I’m going to choose a player I do know something about, Tyler Cropley. He’s a college senior, so he’ll be relatively easy to sign, and on top of that, he grades out as having good power, and a gritty defensive reputation. He’s a good blocker, and this should be enough to keep him behind the plate. The biggest flaw with him is his long swing, but this is all about signability. Helps I think he’s really good.

Cropley was selected 251st overall by the Washington Nationals, who I’m convinced are watching over my shoulder as I shadow draft.


9th Round - 280th Overall - Niko Hulsizer

The Red Sox selected Brian Brown, a college senior. He’s six feet tall and has a plus changeup. He’s a super crafty lefty, and that would be enticing, but I feel like I can get a better player right now who will actually sign, hopefully. If not, oh well.

My pick is Niko Hulsizer. He was the NCAA D1 HR champion in 2017. This season he was injured. Even so, he’s come back strong and shown just as much power as ever. His power is crazy, and feels pretty close to what the Red Sox were targeting in reality, early on. I just think you can get better value later on. You can guess what his weakness is, and that’s poor contact ability. I’m more comfortable taking this risk in the 9th than in the 1st. There’s a risk he’ll bet on himself (and he should, because if he stays healthy, even as a college senior he could make more than he will if he settles for this slot) and go back to college, but I’m less concerned about it than I probably should be.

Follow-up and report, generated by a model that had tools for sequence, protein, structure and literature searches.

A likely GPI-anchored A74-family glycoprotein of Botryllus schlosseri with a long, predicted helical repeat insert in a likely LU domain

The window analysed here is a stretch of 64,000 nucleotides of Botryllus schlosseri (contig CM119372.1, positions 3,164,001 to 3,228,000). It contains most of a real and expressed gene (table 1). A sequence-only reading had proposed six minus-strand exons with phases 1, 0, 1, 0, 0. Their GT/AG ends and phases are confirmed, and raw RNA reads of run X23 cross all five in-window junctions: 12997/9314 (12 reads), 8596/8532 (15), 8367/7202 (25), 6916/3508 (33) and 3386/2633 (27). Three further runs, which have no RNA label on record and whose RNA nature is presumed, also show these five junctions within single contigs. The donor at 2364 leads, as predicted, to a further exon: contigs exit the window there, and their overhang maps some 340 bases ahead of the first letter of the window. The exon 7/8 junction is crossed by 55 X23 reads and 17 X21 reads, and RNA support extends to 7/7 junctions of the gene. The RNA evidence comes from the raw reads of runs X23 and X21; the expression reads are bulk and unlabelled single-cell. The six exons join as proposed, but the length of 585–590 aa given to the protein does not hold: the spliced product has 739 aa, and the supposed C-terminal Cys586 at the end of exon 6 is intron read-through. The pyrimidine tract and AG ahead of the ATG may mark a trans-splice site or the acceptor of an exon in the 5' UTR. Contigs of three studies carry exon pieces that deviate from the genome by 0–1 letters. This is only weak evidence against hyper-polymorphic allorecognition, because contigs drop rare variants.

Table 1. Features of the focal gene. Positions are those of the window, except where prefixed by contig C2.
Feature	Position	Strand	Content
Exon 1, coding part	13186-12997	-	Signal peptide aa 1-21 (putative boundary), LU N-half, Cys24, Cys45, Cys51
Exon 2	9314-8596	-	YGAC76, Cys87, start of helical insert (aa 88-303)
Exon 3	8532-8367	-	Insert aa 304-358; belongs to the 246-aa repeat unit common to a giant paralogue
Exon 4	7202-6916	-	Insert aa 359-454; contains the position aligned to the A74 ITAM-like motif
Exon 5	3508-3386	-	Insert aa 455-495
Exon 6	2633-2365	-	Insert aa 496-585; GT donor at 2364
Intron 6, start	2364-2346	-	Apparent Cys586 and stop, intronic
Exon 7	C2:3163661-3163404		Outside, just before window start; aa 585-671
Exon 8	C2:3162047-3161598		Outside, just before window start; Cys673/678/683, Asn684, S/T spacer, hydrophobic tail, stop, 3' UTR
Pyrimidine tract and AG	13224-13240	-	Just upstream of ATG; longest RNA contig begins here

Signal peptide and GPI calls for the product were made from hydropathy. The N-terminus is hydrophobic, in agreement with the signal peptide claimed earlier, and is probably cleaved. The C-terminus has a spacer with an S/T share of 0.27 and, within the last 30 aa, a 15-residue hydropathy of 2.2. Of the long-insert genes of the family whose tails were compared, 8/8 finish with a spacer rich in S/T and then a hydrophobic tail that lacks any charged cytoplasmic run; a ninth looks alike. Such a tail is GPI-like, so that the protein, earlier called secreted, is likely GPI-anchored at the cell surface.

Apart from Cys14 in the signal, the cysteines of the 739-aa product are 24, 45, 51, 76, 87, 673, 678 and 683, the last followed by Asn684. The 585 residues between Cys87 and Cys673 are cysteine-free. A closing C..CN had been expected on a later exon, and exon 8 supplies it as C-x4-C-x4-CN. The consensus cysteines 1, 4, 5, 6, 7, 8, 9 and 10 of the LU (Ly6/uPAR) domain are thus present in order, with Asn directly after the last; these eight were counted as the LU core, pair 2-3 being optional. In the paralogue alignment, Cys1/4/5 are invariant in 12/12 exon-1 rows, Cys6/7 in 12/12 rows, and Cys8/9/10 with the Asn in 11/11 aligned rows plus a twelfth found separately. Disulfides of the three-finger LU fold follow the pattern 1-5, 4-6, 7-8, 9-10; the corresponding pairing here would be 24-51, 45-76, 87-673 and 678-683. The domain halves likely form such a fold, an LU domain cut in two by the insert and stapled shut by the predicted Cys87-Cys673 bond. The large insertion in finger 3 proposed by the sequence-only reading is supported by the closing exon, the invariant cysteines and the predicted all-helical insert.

If/when Hulsizer is drafted, this post will be updated.

EDIT - Hulsizer was drafted by the Dodgers in the 18th round, 554th Overall


10th Round - 310th Overall - Matt Frisbee

The Red Sox selected Grant Williams, a college senior. It’s clear what they are going for. I feel like my guys aren’t going over-slot (and I’m also fine with the penalties next year if I accidentally DO go over), so I’m fine taking more of a risk here. Williams doesn’t have much going for him offensively, although he’s a bit pesky, so this is 100% just for signability purposes.

My pick, Matt Frisbee, is a little more promising. He’s 6’5”, can rear back his fastball for 97 MPH, and is a big strikeout arm out of the bullpen. Because I passed on Durbin, earlier, I felt the need to double dip on bullpen arms. Frisbee is at 116 strikeouts in 91.1 IP as a starter. If put into the bullpen, his stuff plays up more, not difficult stuff. Plus, imagine a dude named Frisbee throwing frisbees at Fenway Park. Practically puts butts in seats by itself.

If Frisbee is drafted on Day 3, this post will be updated.

EDIT - Frisbee was drafted by the Giants in the 15th Round, 436th overall.